If you’re in debt, you may get calls from third-party collection agencies. However, not all of these companies are honest, whether they are located in Arkansas or elsewhere. You should know the possible signs of a debt collection scam.
Signs of a possible scam
A debt collector must follow certain rules under the Fair Debt Collection Practices Act when attempting to collect debt. If they threaten to tell others about your debt, they are likely scammers and breaking the law. The FDCPA prohibits them from telling associates, employers, and family about the debt, but they can get contact information.
Some scammers may pose as an IRS agent by phone or email, and demand you make an immediate payment. However, the IRS never requests immediate payment by email or phone, and they never ask for credit card numbers.
Another common sign of a scam is they pressure you to make a payment with a gift card because they are harder to track. If you don’t recognize the debt or didn’t get a letter about it, it could be a scam.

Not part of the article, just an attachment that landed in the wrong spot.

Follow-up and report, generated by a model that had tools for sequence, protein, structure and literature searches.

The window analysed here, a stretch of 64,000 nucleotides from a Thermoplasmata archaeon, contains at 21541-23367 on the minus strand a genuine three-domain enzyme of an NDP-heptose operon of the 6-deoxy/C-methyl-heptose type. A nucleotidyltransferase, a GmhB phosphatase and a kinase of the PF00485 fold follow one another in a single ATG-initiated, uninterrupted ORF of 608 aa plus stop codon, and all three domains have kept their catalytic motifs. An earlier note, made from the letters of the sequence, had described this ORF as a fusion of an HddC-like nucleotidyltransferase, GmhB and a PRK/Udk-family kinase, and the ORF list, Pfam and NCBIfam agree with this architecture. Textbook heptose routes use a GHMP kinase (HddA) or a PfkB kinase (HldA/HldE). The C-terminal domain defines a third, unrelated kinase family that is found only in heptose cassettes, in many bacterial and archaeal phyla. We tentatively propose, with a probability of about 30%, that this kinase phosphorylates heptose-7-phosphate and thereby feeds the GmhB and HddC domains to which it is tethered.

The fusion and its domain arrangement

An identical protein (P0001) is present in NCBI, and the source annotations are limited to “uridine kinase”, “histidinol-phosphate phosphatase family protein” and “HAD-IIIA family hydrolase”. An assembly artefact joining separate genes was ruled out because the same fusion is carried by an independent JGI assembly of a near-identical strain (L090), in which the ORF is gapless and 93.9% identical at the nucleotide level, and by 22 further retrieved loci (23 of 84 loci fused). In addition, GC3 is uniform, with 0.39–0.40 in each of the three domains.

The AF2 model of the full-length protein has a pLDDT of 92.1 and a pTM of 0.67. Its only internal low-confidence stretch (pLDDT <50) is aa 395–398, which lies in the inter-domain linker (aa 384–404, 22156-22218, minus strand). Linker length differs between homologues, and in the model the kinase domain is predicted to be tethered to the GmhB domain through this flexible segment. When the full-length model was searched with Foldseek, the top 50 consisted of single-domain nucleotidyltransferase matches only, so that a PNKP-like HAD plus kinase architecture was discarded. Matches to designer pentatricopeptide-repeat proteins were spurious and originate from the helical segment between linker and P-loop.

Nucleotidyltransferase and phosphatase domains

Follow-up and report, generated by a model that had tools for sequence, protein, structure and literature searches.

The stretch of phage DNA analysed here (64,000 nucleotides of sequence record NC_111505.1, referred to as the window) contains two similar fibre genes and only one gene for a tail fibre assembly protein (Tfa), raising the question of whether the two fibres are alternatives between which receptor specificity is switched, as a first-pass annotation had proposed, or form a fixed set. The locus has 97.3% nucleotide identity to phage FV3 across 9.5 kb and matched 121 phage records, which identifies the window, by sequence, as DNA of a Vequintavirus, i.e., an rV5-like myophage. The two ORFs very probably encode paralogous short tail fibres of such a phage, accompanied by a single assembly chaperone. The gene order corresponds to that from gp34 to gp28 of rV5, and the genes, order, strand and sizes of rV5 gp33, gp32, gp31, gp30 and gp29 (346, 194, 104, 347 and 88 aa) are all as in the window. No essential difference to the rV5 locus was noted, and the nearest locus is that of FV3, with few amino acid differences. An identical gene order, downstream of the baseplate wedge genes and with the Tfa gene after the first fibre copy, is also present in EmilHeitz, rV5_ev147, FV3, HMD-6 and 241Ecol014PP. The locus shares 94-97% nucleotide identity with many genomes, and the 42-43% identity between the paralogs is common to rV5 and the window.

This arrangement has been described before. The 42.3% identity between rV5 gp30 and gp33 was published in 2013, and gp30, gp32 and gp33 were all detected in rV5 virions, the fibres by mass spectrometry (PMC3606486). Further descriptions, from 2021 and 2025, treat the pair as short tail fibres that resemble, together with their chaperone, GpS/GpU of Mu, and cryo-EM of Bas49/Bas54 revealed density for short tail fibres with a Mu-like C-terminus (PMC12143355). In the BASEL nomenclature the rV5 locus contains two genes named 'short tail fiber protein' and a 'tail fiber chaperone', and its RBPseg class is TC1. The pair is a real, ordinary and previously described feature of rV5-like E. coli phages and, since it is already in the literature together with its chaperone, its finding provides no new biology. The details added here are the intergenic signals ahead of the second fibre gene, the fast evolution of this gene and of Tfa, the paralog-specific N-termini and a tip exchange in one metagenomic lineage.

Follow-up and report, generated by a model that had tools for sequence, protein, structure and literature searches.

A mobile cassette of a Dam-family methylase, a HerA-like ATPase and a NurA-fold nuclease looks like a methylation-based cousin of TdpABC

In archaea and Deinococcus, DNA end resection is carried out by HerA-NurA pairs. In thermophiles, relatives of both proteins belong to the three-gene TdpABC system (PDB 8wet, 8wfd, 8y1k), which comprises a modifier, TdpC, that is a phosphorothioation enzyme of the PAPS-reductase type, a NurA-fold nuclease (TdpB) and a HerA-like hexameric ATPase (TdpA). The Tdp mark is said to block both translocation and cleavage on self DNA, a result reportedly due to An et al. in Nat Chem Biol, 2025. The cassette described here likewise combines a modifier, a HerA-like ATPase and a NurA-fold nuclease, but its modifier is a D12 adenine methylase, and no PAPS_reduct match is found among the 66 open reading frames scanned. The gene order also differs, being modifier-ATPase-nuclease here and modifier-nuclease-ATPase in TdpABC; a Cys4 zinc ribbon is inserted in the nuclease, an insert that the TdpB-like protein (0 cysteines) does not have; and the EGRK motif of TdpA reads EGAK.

If you recently filed a consumer bankruptcy petition, the law prohibits them from taking collection action temporarily or contacting you. This means collectors who contact you after filing bankruptcy could be scammers because they should receive notice.
Don’t give an unfamiliar collector any information and ask for a callback number and a confirmation letter. If they won’t give you a number or you can’t reach them, it commonly points to a scam.
They are required by law to include the name of the creditor you owe and the amount within five days of the first contact. Keep validation letters you have received from legitimate collectors for reference in case a suspected agency contacts you.
Check your credit report and the original creditor to ensure they used this agency. If you believe you have been scammed, you may file a complaint.